Featured Reviews, Volume 9

Adam McHugh – The Listening Life [Feature Review]

[easyazon_image align=”left” height=”333″ identifier=”0830844120″ locale=”US” src=”https://englewoodreview.org/wp-content/uploads/2016/02/41wIiXdBM5L.jpg” tag=”douloschristo-20″ width=”222″]Opening Ourselves to Surprise

A Feature Review of

The Listening Life:
Embracing Attentiveness in a World of Distraction
Adam McHugh

Paperback: IVP Books, 2015.
Buy now: [ [easyazon_link identifier=”0830844120″ locale=”US” tag=”douloschristo-20″]Amazon[/easyazon_link] ]  [ [easyazon_link identifier=”B00HUCPUB0″ locale=”US” tag=”douloschristo-20″]Kindle[/easyazon_link] ]


Reviewed by Andrew Camp


The American life will never be remembered as a life that listened well, especially in the second millennium. More talking and less listening is our default when it comes to our ideas of leadership and being taken seriously. The technological advances of the past 15 years have also produced a culture that has moved passed being polyphonic to being harshly cacophonic.

Sadly, this disease has infiltrated the American evangelical church to a large degree. We firmly believe it is our duty to tell people what to do, and as the church’s influence wans in America, our solution seems not to listen more, but to pound the pulpit louder and harder. We are a people anxious of what might happen if we shut up long enough to truly hear, not only the voice of God (which is of utmost importance), but also the cries of people both inside and outside the church.

In situations like these, God seems to raise up men and women to call the church back to its task to embody kingdom politics, part of which is learning to listen well. This is exactly what Adam McHugh calls the church to in his new book The Listening Life: Embracing Attentiveness in a World of Distraction. This is not a book outlining seven easy steps to becoming a better listener; this book is an invitation into a spiritual life marked by deep listening in all components of the Christian life. Listening is foundational to what it means to be a human, both physically and spiritually.

The Listening Life is a book not to be rushed through, but a book to be savored, prayed through, and discussed in community. In some ways, writing a quick review of this book goes against the very nature of how Adam McHugh invites us to live. My hope in writing this review is that I can pique your interest to begin to be a little more intentional in how all of us listen.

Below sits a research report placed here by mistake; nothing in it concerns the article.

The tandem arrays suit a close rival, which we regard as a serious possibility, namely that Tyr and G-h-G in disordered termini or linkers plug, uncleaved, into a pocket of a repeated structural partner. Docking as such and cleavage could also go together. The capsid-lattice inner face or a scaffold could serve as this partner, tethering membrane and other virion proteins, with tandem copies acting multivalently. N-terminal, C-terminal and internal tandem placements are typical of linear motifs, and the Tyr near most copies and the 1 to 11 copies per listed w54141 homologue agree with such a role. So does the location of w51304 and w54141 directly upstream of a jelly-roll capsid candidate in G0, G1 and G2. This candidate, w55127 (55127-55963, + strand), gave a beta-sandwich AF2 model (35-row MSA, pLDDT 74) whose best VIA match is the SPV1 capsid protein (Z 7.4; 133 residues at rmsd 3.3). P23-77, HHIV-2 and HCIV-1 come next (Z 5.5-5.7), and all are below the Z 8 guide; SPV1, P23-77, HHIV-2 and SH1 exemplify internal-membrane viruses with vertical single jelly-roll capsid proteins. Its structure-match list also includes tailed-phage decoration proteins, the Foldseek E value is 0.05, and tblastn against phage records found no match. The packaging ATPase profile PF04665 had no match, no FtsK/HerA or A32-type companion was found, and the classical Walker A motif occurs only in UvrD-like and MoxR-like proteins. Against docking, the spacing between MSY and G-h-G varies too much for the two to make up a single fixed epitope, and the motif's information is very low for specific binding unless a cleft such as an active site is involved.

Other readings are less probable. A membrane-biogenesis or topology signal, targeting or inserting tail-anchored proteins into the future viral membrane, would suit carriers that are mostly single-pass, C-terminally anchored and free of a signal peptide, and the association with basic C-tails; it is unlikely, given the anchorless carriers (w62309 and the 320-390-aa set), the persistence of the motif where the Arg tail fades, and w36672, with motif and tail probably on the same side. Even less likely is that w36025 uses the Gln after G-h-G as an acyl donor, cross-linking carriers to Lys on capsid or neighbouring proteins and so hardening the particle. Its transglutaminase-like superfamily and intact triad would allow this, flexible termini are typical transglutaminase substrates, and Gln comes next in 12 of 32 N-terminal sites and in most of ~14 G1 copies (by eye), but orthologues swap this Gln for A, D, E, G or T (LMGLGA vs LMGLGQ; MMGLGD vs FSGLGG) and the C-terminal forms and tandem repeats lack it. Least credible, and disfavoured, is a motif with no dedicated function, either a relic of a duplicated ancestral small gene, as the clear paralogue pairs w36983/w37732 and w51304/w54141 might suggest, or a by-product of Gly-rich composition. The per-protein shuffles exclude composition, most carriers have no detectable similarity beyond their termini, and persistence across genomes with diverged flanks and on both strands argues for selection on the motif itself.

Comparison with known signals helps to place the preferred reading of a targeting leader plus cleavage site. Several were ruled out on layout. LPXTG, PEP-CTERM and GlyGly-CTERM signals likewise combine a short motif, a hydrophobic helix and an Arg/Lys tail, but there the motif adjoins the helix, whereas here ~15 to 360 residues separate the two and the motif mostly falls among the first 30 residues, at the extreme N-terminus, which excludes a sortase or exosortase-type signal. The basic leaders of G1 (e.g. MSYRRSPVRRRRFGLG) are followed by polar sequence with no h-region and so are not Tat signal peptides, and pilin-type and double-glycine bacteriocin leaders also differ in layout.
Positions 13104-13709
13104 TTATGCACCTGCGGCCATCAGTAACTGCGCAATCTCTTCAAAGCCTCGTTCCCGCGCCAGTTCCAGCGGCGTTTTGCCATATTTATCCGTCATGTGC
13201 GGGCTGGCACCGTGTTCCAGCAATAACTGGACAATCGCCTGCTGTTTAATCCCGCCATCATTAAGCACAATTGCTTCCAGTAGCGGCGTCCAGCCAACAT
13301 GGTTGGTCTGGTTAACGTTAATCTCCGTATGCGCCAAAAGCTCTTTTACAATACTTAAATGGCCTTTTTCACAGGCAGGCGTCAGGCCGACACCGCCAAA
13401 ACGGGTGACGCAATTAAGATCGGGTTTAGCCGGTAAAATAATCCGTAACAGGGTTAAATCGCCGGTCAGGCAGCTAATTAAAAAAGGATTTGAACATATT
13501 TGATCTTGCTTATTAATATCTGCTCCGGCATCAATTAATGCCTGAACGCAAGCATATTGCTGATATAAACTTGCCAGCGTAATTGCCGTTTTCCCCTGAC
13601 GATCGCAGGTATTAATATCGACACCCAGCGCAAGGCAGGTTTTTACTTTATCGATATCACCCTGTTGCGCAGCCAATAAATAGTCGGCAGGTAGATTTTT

In Scripture, God summons his people to listen to him, whether he is thundering from Mount Sinai, whispering on Mount Horeb, transfigured in glory, or simply walking with two disciples on the road to Emmaus. McHugh reminds us, “Listening is never passive, a stall or placeholder until doing steps in and saves the day. Biblical listening is a whole-hearted, full-bodied listening that not only vibrates our eardrums but echoes in our souls and resonates out into our limbs” (18). Christian discipleship is marked not simply by passive hearing, but by allowing the words to penetrate to the depths of our soul and move us to obedience and appropriate response.

Listening is foundational to who we are because our Triune God is a God who actively listens to his people. Our King is not a king who dismisses the pleas of his people, but rather he is a king who subverts the fallen human order and bows his ear to us, as the King James Bible translates Psalms 31:2 and 86:1. Without a God who bends his ear towards us, there would be no redemption: “The exodus began when God heard…. An act of listening started the wheels of redemptive history turning” (37-38 [emphasis original], see Exodus 2:23-24). Our God who listens is most profoundly witnessed when “the Word became flesh and dwelt among us” (John 1:14). McHugh notes three aspect of Jesus’ listening that shapes our listening. Jesus listened widely, meaning Jesus listened to people whom everyone else ignored. Jesus listened deeply; he had ears attuned not just to the audible words, but to the longings beneath the words. And finally Jesus listened in close proximity in a profound act of hospitality.

How then do we begin to live a life of listening as Jesus did? What I appreciate about McHugh’s invitation is that listening involves far more than just listening to people.

First we must learn to listen to the true voice of God, the God revealed to us in Scriptures. We must become intimately familiar with his voice, learning to discern between the true voice of God and the voice we project on to God: “Too often we hear his voice as a cosmic dictator, a disapproving parent or the prickly voice on our shoulder that says ‘No!’” (70). Our God’s voice is a voice that sings over us and a voice that woos us into his loving embrace.

Second if we come to know our God who listens through Scripture, we must learn how to listen to Scripture. Scripture needs to become more than just a book full of propositional truths for right living, but a book whereby we encounter the living, relational Word, Jesus Christ himself. This has been my challenge. Because of my life’s experiences and my education, the Bible was unintentionally reduced to a textbook to be outlined and picked apart, instead of a love letter from the Lover of my soul. If you relate to my situation, the same situation McHugh struggled with as well, the author offers three disciplines which might help you and I recover the living encounter with Scripture: praying the Psalms, prayer of the senses (an exercise in imagination) and lectio divina.




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